In the summer of 1849, Austrian Field Marshall Joseph Radetzky did something no one had done before: He bombed a city from the air.
His target was Venice, then in rebellion against the Habsburg crown. During the siege, he launched a fleet of unmanned linen balloons, carrying bombs made from canister shot and gunpowder, timed to drop over the besieged city.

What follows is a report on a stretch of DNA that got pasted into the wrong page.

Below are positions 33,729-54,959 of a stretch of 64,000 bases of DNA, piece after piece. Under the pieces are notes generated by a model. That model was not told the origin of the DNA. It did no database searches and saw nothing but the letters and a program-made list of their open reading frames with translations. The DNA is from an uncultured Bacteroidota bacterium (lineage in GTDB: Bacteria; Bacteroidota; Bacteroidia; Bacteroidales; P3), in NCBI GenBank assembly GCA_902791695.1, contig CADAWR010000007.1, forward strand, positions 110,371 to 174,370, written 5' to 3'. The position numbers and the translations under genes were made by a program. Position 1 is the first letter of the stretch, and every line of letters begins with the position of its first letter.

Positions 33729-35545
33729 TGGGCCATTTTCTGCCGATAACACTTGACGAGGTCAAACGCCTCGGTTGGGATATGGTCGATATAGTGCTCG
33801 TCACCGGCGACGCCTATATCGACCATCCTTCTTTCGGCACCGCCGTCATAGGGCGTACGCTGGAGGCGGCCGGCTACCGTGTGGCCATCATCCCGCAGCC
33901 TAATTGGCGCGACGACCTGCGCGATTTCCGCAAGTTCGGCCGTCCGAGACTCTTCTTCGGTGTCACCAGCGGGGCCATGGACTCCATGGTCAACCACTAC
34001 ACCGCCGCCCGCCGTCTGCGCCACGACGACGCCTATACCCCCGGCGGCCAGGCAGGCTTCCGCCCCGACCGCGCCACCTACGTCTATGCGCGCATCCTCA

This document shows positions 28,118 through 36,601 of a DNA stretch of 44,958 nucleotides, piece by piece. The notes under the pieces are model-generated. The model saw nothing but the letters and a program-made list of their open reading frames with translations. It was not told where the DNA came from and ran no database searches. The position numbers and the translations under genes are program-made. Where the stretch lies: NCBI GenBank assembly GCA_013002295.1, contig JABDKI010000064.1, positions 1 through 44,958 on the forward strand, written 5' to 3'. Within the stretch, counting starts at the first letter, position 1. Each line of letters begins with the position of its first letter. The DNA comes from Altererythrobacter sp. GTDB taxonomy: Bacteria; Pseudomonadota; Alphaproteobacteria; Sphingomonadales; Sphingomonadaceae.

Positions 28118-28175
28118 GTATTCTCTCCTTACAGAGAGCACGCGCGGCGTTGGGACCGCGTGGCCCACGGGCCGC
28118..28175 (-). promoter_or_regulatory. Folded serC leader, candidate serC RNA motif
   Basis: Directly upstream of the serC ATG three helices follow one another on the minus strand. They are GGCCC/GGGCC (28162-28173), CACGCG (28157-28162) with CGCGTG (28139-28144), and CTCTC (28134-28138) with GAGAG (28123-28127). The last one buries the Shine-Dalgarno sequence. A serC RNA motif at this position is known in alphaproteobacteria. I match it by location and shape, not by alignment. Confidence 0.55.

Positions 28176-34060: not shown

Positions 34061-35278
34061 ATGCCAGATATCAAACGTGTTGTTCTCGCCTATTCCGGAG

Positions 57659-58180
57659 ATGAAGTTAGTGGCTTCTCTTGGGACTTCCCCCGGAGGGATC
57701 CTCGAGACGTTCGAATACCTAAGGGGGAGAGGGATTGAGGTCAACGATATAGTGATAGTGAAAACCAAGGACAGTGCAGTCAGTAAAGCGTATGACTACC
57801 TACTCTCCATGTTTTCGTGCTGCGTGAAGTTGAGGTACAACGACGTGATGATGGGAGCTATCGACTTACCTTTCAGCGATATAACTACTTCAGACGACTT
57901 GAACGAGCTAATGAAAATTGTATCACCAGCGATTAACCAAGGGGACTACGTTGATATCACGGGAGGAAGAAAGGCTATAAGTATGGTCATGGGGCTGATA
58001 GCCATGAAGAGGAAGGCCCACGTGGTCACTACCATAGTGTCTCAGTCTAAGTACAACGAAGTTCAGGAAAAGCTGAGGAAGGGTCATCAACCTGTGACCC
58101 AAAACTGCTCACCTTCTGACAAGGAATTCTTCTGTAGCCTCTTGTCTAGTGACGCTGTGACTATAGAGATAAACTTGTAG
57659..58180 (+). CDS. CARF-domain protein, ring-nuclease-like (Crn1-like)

Radetzky told Emperor Franz Joseph that the effect on the people of Venice was “frightful.” Indeed, Radetzky’s balloons had done little physical damage, but had a substantial effect on the morale of the city’s defenders. As the 19th century wore on, fear of attack by airships became a constant theme in popular literature. By World War I, the mere mention of the word “Zeppelin” was enough to cause panic in the streets of London.